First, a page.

This consolidated appeal consists of appeals from four portions of three interlocutory orders which disposed of two motions for preliminary injunctions, a motion by two defendants to dismiss the complaint as to them and a motion by plaintiff-appellant for summary judgment. The first such order, dated September 9, 1975, denied plaintiff-appellant State of New York's motion for a preliminary injunction. By this motion plaintiff had sought, pending a disposition on the merits, an injunction annulling all existing, and restraining the issuance of all future, licenses and approvals, and restraining all other actions of defendants-appellees which permit, or would permit, the transportation by air of plutonium and other SNM into, out of, within or over the City and State of New York and the United States and its territories. Appellant had also requested by way of this motion that the court enjoin any actions of defendants-appellees which would cause the transportation by air of SNM into, out of, within or over New York and the United States and its territories. Following the district court's denial of this motion, appellant filed a timely notice of appeal on November 7, 1975. The second order from which appellant has timely appealed, dated December 23, 1975, is one granting the motion of defendants-appellees Civil Aeronautics Board ("CAB") and United States Customs Service ("Customs") to dismiss so much of the complaint as is directed against them on the ground that the complaint fails to state a claim upon which relief can be granted against them. Finally, appellant also timely appeals from a third order of the district court, dated May 7, 1976. This order denied two motions which had been made by appellant on December 12, 1975, one being a motion for summary judgment and the other a purportedly new motion for a preliminary injunction. The motion for summary judgment had sought both a declaration that appellees were in violation of NEPA and also the establishment of a mandatory timetable for the development and completion of the EIS appellant claims is required in this case. The new motion for a preliminary injunction differed from the first only in that, with respect to one SNM, enriched uranium, the second motion sought to enjoin only the commercial air transportation of this material, leaving the military-assisted air transportation of such material beyond the scope of the requested relief. For the reasons stated in this opinion, we affirm the district court's refusal to grant the two motions for a preliminary injunction; and we dismiss the appeal from the district court's grant of Customs' and CAB's motions to dismiss the complaint as to them; and we also dismiss the appeal from the district court's denial of appellant's motion for summary judgment.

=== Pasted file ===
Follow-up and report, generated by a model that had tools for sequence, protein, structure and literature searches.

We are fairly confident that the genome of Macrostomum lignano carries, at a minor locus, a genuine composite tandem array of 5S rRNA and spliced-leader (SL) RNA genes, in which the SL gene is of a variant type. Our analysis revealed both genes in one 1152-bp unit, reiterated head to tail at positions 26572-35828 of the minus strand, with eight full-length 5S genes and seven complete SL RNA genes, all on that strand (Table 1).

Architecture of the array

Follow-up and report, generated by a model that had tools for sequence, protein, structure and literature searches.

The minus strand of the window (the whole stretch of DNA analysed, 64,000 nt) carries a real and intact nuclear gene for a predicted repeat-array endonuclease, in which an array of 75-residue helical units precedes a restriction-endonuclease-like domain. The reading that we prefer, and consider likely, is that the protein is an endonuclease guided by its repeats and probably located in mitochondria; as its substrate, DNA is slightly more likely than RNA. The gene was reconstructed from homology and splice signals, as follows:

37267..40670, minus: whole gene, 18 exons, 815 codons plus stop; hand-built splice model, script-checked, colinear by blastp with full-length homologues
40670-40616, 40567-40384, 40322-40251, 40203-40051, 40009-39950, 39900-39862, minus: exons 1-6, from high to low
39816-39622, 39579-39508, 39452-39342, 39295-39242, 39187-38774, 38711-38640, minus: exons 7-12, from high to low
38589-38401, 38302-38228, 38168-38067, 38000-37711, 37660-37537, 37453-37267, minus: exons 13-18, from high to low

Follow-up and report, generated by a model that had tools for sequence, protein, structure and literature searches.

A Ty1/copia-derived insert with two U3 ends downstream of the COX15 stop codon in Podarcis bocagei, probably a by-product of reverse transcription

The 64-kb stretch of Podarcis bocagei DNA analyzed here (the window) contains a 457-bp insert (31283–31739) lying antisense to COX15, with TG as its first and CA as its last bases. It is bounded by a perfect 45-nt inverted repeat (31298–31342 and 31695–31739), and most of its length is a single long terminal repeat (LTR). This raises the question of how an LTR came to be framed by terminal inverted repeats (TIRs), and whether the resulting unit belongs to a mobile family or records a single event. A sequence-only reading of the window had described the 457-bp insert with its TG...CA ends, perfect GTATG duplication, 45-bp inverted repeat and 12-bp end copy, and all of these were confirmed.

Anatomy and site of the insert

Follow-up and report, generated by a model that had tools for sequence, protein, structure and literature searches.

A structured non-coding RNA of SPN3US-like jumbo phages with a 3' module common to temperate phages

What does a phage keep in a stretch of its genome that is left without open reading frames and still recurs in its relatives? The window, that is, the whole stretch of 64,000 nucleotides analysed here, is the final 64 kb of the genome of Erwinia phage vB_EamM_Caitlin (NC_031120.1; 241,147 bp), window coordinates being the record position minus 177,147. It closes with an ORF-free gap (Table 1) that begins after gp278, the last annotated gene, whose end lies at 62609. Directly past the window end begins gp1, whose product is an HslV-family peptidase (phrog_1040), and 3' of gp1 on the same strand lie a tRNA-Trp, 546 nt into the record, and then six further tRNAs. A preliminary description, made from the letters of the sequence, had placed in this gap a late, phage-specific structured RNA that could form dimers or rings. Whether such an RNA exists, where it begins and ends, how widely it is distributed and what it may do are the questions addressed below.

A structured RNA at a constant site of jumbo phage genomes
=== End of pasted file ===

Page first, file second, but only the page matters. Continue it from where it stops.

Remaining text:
Before considering the consolidated appeal, we think it would be helpful to describe briefly the general role some of the defendants play in the regulation and transportation of SNM, the beneficial uses to which SNM is routinely put, and the potential for abuses or accidents involving these materials.
The federal agencies named as defendants in this lawsuit are all alleged to be, to some extent or other, involved in the transport of SNM or in the regulation of its transportation. The two agencies whose involvement is most direct are the Nuclear Regulatory Commission ("NRC") and ERDA which, pursuant to the Energy Reorganization Act of 1974, 42 U.S.C. § 5801 et seq., are the joint successors to the Atomic Energy Commission, the federal agency formerly charged with primary responsibility in the area. The NRC's functions are regulatory in character and the most important of these is the licensing of importers, exporters and domestic carriers of SNM. These licenses do not, however, require that any particular mode of transportation be utilized. In contrast to the regulatory role played by the NRC, ERDA produces SNM at its own facilities and transports or arranges for the transportation of SNM. In making such shipments, which as a rule are connected with national defense programs, ERDA is not required to be licensed by the NRC.
For our present purposes we are concerned only with two varieties of SNM, plutonium and uranium enriched in the isotope U-235. Plutonium is manufactured by subjecting natural uranium to neutron bombardment within the confines of a nuclear reactor. Uranium enriched in the isotope U-235, on the other hand, is produced by increasing in natural uranium the percentage of the isotope U-235 normally found in that element. As to the other SNM specifically mentioned in 42 U.S.C. § 2014(aa), uranium enriched in the isotope U-233, we need not elaborate upon the nature of that material because it is not currently being shipped by air and appellant acknowledges that no relief is being sought with respect to it. Any references in this opinion to enriched uranium should therefore be understood as pertaining only to uranium enriched in the isotope U-235.